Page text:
Almost all of the articles about the presentation at CROI include mention of Patient Zero, in part because the report the researchers released states, ‘there is neither biological nor historical evidence that Patience Zero was the primary case in the US.’[30] Emails sent to Worobey inquiring about how Rayford fits into his finding have gone unanswered as of yet. Dr. Gottlieb, a hugely influential and highly respected leader within the field, and who was the first to report cases of (what would come to be known as) HIV, says that it is not that the researchers are choosing to ignore Rayford’s life and death. Rather, it’s that they don’t know about Rayford. This, it seems, stems from the fact that news of Rayford’s HIV-related death did not come through established channels at first. Due to drama worthy of its own scholarly article, the 1987 findings around Rayford’s death bypassed the medical establishment’s peer review process and instead went straight to the public via newspaper reports. Even though an article published in the 1988 edition of the Journal of American Medicine Association detailed the rigorous work that went into establishing that Rayford did indeed die of what can be understood as HIV-related causes, by then it was too late. Within the scientific community, Rayford’s life and death is largely unknown. In the same way that this community needed to prove for itself that Patient Zero was a myth, it may also need time to re-establish the life and death of Rayford.  At best, for now within this scientific community, Rayford is understood as ‘a strong case for a very early sporadic case of HIV-1.’[31] Meanwhile, I think something more urgent is at play when it comes to Rayford’s life and death, something that is worth examining. What has been the impact of his story not being told upon the ongoing response to HIV/AIDS?

  Context, Counter-memory, and the Patient 6 and 7: Where the story begins

It seems clear that Rayford’s story, even in the limited circulation that it received in 1987, raised hard questions and did not provide solace, where as the story of Patient Zero confirmed what people wanted to believe about HIV and those living with the virus. While the myth of Patient Zero endures, so much so that even earlier examples its debunking are forgotten, Rayford, even within the AIDS movement, is largely unknown. Yet, it is important to state: telling Rayford’s story is not about making Rayford the new Patient Zero. Rather, it is about Geary’s strategy, and adding our stories to his list of structural violences.. This is what I had in mind last summer when I went to St. Louis to research Rayford’s life. While I have yet to find much about Rayford per se, what I came back with was a larger sense of the context within which he lived and what it might mean now.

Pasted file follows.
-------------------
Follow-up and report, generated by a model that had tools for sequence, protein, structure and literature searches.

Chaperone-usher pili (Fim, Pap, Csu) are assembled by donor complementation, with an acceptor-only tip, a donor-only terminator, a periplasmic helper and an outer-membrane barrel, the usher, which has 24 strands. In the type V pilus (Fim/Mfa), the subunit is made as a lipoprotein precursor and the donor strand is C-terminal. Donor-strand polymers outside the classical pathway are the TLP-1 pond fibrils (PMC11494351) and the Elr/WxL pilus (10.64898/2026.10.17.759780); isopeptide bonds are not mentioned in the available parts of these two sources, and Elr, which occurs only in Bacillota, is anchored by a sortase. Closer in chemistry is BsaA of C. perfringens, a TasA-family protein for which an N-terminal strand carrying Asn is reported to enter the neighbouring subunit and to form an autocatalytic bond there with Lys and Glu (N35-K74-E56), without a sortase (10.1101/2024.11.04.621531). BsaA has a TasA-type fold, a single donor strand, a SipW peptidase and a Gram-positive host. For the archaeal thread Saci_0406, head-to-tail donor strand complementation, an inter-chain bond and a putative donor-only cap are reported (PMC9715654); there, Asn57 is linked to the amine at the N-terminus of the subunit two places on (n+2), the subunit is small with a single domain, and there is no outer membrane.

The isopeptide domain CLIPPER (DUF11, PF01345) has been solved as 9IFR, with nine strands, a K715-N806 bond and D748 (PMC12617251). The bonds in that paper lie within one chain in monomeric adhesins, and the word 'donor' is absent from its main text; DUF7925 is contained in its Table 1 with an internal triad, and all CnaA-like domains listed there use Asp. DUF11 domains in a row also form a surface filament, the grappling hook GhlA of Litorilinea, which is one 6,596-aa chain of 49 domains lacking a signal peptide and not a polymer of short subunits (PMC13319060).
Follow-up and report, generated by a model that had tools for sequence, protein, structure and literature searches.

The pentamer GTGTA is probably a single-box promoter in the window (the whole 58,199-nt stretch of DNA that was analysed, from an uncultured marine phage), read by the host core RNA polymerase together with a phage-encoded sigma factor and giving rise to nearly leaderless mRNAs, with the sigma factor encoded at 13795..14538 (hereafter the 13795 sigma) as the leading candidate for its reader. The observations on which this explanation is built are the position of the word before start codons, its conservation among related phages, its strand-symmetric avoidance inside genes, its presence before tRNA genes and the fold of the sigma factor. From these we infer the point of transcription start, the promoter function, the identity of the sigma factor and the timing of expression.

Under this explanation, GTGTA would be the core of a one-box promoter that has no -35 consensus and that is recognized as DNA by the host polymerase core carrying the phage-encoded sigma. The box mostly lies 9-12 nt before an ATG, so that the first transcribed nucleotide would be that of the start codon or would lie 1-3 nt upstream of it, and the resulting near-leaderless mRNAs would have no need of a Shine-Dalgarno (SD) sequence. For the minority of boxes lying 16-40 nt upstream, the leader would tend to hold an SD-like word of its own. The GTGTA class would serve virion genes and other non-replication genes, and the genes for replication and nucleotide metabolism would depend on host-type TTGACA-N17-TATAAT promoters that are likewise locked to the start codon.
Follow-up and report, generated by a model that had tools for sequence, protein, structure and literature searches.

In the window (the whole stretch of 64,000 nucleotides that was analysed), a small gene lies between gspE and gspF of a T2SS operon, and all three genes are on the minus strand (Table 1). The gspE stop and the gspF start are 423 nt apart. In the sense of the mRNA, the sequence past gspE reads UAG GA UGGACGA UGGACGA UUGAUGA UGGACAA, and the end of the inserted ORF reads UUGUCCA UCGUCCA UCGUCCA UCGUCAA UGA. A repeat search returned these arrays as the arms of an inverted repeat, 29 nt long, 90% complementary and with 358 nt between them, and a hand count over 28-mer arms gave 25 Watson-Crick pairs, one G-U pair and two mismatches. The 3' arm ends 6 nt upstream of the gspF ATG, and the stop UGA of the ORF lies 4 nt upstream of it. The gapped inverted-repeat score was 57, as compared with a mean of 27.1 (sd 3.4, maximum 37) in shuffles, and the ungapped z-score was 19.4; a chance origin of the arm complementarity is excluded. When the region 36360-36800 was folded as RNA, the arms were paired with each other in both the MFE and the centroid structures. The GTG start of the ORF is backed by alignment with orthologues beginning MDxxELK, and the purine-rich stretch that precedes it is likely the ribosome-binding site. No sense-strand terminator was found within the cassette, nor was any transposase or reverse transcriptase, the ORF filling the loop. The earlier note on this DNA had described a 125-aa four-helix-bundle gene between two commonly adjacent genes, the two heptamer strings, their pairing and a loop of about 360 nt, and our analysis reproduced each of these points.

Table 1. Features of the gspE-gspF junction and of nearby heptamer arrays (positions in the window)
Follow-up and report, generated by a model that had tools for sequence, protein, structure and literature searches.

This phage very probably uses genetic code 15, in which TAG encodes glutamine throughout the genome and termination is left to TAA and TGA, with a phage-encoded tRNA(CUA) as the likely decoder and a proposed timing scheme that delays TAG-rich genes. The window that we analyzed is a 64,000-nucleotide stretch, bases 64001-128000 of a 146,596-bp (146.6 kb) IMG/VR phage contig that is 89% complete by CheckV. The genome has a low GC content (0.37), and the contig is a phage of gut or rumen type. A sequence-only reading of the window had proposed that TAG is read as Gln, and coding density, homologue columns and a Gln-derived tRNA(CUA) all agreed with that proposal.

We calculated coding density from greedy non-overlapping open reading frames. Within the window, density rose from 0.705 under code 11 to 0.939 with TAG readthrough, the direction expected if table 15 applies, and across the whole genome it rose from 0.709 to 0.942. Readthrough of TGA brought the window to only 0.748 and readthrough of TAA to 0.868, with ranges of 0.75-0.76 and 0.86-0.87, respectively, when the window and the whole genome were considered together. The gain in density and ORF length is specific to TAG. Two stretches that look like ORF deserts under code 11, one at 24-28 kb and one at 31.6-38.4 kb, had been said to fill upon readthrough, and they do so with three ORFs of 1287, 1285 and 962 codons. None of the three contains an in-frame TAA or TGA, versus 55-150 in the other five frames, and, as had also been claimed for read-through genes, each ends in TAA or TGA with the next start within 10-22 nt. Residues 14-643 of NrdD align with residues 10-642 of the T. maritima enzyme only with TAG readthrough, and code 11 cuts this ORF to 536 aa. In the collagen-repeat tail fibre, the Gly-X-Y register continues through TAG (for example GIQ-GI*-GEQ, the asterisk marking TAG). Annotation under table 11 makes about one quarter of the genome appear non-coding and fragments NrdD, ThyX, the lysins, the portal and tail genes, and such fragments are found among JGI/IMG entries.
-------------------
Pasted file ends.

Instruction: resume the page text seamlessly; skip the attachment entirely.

The Gateway Arch, formally known as the Jefferson National Expansion Memorial, broke ground in St. Louis on the banks of the Mississippi on February 1963 and opened to the public December of 1965. To make the arch, a low-income neighborhood populated mainly by Black people, had been razed with the promise that the arch would create jobs—a fitting bait-and-switch in the name of western expansion. By 1964 not a single Black person was working on the arch. Percy Green and a white ally, Richard Daly, stormed the arch in progress, and climbed up it. They were then forced down by police. Green got as flat as he could with the earth, making it harder for police to get a hold of him and arrest him. He gave up only when it was promised that Black people would get jobs on the site. His demands were met. Black people were hired on the site. In response, a team of white workers walked off stating they did not want to work with the Black workers. Around this time, Ivory Perry staged one-man die-in on St. Louis’s main streets to raise awareness of police brutality; he had successfully lobbied local officials to acknowledge the relationship between local child mortality and lead poising. In 1969, Bertha Gilkey led a rent strike along with 20,000 public housing tenants against the mismanagement of municipal agencies and the intolerable living conditions of St. Louis high-rises. St. Louis, a city that had escaped the 1960s without a race riot per se, had Black people in the street speaking truth to power, with poor and working class Black people moving folks progressively forward. Amid the tumult, and in the shadow of the arch’s construction site, Robert Rayford grew up, perhaps even watching as primarily white workers welded together slabs of metal, designed to collide smooth in the sky.